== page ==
The data variable does not take up any meaningful space—it's just a name. The data object takes up some space, and Python does not allow you to free objects manually. Objects will be garbage collected some time after there are no references to them.
To make sure that you don't keep things alive longer than you want, make sure you don't have a way to access them (don't have a name still bound to them, etc).
An improved implementation might be
def JSONtoCSV(input_filename, output_filename):
with open(input_filename) as f:
special_data = json.load(f)[u'specialKey']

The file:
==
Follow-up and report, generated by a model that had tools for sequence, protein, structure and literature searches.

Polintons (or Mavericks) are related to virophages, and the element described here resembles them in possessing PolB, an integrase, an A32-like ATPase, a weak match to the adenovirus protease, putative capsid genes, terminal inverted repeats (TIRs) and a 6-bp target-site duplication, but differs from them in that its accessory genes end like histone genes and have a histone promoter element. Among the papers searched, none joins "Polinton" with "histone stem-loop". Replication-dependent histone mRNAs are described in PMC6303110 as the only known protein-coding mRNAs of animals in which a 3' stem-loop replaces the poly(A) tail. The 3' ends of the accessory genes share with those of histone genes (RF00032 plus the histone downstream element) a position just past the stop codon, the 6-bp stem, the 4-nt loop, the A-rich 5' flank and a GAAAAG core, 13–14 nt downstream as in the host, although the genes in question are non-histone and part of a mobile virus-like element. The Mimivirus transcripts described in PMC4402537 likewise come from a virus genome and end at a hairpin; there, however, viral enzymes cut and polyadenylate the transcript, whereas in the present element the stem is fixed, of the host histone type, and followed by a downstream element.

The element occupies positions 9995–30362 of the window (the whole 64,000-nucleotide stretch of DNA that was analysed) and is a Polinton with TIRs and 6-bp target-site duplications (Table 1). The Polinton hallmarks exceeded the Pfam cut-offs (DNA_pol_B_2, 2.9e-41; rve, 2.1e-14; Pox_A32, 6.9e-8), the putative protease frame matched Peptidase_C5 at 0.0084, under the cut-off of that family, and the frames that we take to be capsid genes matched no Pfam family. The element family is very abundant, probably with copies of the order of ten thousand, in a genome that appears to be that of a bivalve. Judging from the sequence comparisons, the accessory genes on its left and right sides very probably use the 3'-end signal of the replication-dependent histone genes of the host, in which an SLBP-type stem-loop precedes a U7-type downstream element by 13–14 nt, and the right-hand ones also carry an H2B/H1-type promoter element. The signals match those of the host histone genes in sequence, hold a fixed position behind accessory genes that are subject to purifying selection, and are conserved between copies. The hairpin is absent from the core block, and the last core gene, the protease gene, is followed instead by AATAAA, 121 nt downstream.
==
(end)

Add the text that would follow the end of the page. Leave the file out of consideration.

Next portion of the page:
with open(output_filename,'wb') as f:
outputWriter = csv.writer(f, delimiter=',')
for k, v in special_data.iteritems():
This doesn't ever store the string you called
jsonfile or the dict you called
data, so they're freed to be collected as soon as Python wants. The former improvement was made by using
json.load instead of
json.loads, which takes the file object itself. The latter improvement is made by looking up
'specialKey' immediately rather than binding a name to all of
Consider that this delicate dance probably isn't necessary at all, since as soon as you return these references will cease to be around and you've at best sped things up momentarily.